“Frequently, by the time children reach 3rd grade, the sense of wonder with which they entered kindergarten—wonder out of which authentic thinking and thus thinking for oneself develops—has begun to diminish. By 6th grade it has practically disappeared” (459, Developing Minds, Thomas Jackson).
Traditional education models train kids to devalue their own thinking in favor of right answers and a teacher’s instructions. Little children who are used to exploring the world with their hands and wild imaginations are gradually conditioned to save those impulses for “after school” until they give them up all together before they even get to junior high.
And then we wonder why our teens appear to be inflexible, unable to grasp nuances. They’ve been conditioned by tests and homework to know that there is a right answer. They’ve lost their capacity for wonder. Teens who have retained their imaginations and their wide-eyed wonder are often seen as “not serious” about school or as “immature” or “socially inept.”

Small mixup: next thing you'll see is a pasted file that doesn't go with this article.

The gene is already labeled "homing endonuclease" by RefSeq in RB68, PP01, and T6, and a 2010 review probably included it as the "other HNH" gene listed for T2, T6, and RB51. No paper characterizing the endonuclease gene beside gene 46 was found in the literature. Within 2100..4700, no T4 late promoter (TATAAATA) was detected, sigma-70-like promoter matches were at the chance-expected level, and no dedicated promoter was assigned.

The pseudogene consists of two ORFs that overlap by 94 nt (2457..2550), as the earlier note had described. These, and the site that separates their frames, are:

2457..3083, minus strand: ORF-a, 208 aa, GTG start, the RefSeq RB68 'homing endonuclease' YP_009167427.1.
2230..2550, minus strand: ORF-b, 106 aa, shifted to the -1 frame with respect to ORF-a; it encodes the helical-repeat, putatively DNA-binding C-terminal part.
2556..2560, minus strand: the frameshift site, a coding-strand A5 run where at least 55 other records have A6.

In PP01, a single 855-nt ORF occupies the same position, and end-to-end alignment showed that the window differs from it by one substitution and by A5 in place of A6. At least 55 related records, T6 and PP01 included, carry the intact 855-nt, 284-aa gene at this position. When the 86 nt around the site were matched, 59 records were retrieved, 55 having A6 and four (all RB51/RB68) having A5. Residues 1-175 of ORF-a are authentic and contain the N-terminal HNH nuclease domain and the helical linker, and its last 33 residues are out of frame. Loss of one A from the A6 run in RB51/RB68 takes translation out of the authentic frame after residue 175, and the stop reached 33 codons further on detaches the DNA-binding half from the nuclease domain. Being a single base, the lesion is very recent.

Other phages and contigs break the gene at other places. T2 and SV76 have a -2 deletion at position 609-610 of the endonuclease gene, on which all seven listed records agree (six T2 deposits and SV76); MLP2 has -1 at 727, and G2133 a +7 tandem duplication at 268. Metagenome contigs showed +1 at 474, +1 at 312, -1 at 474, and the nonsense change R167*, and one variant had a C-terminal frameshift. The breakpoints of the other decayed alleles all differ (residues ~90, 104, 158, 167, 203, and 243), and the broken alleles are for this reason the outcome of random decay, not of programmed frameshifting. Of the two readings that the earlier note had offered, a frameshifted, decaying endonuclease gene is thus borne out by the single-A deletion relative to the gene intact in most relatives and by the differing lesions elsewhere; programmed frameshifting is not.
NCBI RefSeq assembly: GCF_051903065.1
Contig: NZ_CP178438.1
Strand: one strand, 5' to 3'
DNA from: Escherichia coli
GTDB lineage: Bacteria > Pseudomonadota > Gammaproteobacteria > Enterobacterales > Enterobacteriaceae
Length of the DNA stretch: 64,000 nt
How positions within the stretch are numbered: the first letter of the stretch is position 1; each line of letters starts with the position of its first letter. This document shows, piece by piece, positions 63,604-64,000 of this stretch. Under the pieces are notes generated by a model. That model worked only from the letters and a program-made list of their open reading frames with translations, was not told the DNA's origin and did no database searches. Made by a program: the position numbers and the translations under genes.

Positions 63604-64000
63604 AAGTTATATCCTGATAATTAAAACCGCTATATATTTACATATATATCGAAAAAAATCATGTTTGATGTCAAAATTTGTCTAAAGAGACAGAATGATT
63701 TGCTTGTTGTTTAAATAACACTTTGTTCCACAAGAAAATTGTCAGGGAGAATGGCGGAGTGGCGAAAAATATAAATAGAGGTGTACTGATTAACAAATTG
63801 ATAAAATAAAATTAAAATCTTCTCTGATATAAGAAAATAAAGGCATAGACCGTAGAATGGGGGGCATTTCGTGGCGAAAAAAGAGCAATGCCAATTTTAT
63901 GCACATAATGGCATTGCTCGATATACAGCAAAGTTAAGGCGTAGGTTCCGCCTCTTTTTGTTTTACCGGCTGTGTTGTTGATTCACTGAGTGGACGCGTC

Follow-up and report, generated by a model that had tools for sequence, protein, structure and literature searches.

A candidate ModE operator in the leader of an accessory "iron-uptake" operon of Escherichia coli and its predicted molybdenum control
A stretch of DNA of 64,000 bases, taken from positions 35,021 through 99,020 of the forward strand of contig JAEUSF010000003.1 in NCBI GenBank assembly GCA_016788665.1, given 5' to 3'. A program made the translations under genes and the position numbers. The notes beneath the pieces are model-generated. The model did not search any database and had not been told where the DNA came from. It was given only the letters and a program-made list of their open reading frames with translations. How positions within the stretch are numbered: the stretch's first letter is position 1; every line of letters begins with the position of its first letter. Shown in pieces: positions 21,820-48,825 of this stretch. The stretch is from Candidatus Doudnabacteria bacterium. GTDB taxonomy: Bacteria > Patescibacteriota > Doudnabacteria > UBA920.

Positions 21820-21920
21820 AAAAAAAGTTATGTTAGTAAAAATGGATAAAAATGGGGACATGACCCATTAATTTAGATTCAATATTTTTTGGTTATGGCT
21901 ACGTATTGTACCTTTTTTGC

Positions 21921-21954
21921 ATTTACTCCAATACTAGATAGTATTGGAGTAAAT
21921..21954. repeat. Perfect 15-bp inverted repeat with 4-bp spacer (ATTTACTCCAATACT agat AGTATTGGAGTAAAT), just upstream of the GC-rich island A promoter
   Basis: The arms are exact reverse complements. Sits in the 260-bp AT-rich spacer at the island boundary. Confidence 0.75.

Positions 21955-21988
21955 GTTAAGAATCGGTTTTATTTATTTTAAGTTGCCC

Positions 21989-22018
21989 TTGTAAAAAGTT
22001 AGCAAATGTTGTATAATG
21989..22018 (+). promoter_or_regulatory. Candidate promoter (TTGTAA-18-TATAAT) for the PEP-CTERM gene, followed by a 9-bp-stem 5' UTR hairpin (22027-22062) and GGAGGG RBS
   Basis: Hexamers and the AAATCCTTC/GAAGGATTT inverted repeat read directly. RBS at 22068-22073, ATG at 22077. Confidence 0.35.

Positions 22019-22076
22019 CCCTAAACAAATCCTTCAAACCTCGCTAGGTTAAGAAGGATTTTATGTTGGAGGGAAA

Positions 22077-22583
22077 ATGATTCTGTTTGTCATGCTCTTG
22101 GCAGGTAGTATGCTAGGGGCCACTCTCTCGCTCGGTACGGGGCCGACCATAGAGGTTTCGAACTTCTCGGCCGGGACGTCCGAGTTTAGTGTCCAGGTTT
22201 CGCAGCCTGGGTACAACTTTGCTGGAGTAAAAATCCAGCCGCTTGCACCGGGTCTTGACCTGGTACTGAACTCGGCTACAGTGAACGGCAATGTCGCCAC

If there were one gift I could give parents, it would be the ability to protect their children’s natural, not-jaded curiosity through the teen years. To:
- have a teen boy who is delighted by knitting or a teen girl who wields a power saw,
- converse with a teen who is enamored of fantasy novels to the point of writing their own and imagining that it could be published,
- know a teen who becomes so tender to the plight of abused animals, that teen chooses to volunteer at a shelter,
- raise a teen who plays with LEGO, who climbs trees, who secretly enjoys reruns of the PBS cartoon Arthur.
It’s one of the gifts of home education.
Let’s preserve conditions that promote wonder no matter what ages our children are.
Still have questions? Learn more in my book, Raising Critical Thinkers.